Often overlooked is that (except in map view) the agent icon shows the on off state. When off, the thick bar at the bottom of the icon is hollow; for all ‘on’ priorities is it filled (i.e. the normal rendering).

There is no run-once agent. You can disable automatic agent updates (File menu)which essentially sets all agents to zero priority. The file menu option to update agents works whether auto updates are one and off, but is generally meant for the off state, it then runs every agent (that is not locally set to off) once. In the this manual mode, if using cascades of agents that look at other agents you may thus need to run the once-only command several times for the cascade to fully update. IOW is agent A looks at agent B which looks at agent C, then you would need to use ‘update now’ 3 times in order for C to reflect changes in A.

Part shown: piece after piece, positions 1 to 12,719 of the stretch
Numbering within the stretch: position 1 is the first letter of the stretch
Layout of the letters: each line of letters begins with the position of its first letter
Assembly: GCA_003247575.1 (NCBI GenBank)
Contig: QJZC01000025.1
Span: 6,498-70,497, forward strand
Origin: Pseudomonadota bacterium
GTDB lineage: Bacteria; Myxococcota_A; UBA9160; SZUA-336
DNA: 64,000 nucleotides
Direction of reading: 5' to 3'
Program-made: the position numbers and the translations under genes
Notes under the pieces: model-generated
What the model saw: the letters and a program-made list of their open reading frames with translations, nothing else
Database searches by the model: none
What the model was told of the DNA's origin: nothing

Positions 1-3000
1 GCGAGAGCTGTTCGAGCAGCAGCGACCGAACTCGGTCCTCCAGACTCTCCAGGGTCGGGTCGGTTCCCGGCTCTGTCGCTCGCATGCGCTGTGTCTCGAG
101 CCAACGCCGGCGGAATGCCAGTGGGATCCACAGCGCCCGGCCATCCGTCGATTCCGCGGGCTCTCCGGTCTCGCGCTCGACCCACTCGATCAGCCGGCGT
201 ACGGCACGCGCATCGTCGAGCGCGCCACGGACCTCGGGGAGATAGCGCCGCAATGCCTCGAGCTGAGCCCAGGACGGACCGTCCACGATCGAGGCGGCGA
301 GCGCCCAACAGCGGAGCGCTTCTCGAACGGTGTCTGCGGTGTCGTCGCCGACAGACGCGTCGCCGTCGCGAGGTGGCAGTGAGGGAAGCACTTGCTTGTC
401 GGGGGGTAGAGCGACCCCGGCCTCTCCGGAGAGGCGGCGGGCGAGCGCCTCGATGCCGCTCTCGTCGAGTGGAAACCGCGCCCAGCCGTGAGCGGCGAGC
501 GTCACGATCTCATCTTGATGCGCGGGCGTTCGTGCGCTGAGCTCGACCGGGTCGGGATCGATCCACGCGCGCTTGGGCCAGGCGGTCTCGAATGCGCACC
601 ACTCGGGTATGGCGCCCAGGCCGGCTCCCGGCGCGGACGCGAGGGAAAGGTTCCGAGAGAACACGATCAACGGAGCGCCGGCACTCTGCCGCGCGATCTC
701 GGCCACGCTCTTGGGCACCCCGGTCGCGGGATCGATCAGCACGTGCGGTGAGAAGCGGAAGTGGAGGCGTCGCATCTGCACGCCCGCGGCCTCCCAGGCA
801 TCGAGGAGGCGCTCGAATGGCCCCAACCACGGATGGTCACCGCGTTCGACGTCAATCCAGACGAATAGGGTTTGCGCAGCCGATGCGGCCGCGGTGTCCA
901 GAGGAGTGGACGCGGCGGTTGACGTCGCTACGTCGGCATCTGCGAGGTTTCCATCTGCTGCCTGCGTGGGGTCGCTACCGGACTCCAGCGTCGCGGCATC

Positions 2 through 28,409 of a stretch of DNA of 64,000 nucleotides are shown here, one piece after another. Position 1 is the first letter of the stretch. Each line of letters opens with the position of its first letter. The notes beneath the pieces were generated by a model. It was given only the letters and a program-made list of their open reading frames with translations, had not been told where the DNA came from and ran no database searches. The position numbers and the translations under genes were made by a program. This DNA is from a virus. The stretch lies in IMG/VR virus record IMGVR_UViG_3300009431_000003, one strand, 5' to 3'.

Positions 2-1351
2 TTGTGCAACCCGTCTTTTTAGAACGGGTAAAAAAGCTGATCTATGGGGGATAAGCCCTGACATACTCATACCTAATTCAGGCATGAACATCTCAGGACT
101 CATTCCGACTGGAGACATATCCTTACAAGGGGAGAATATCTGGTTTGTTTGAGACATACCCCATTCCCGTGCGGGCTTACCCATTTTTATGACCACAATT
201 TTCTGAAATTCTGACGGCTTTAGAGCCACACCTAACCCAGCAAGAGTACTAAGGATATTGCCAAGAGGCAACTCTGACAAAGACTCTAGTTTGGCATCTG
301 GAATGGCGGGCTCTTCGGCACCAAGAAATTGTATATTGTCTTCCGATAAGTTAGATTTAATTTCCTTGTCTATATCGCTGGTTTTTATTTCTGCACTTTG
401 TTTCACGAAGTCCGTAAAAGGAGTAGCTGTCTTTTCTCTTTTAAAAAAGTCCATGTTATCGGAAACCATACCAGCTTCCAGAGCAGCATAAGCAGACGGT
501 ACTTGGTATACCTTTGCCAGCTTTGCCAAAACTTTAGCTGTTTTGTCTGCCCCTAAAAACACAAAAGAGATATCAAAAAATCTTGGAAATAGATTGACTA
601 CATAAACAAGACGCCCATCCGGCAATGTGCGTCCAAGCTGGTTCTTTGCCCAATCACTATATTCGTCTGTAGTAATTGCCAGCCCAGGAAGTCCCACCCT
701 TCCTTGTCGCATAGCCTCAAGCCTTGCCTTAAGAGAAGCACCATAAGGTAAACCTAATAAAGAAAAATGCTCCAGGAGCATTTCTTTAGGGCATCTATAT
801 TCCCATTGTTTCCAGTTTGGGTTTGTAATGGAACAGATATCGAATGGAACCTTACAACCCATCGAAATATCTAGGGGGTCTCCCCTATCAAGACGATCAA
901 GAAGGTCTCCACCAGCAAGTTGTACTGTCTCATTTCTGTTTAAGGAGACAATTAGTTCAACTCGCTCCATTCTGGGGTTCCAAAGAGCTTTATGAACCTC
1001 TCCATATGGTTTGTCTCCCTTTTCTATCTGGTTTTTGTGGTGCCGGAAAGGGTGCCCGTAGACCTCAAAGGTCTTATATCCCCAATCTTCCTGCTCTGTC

Otherwise there is no run-once agent state. As pointed out a Stamp acts like an once-only agent action - or rule - but the user must set the selection; i.e. there is not query.

However, you could make a stamp that uses a find(query) to populate a List-type attribute, use List.each() to apply an action and then reset the list to normal (i.e. no value).

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Thank you, Mark — very helpful!

Yes, for the debugging use case, turning off Update Agents Automatically gives me the behavior I’m looking for. Between that and the other suggestions, I think I have by bases covered.

Thanks everyone for the suggestions!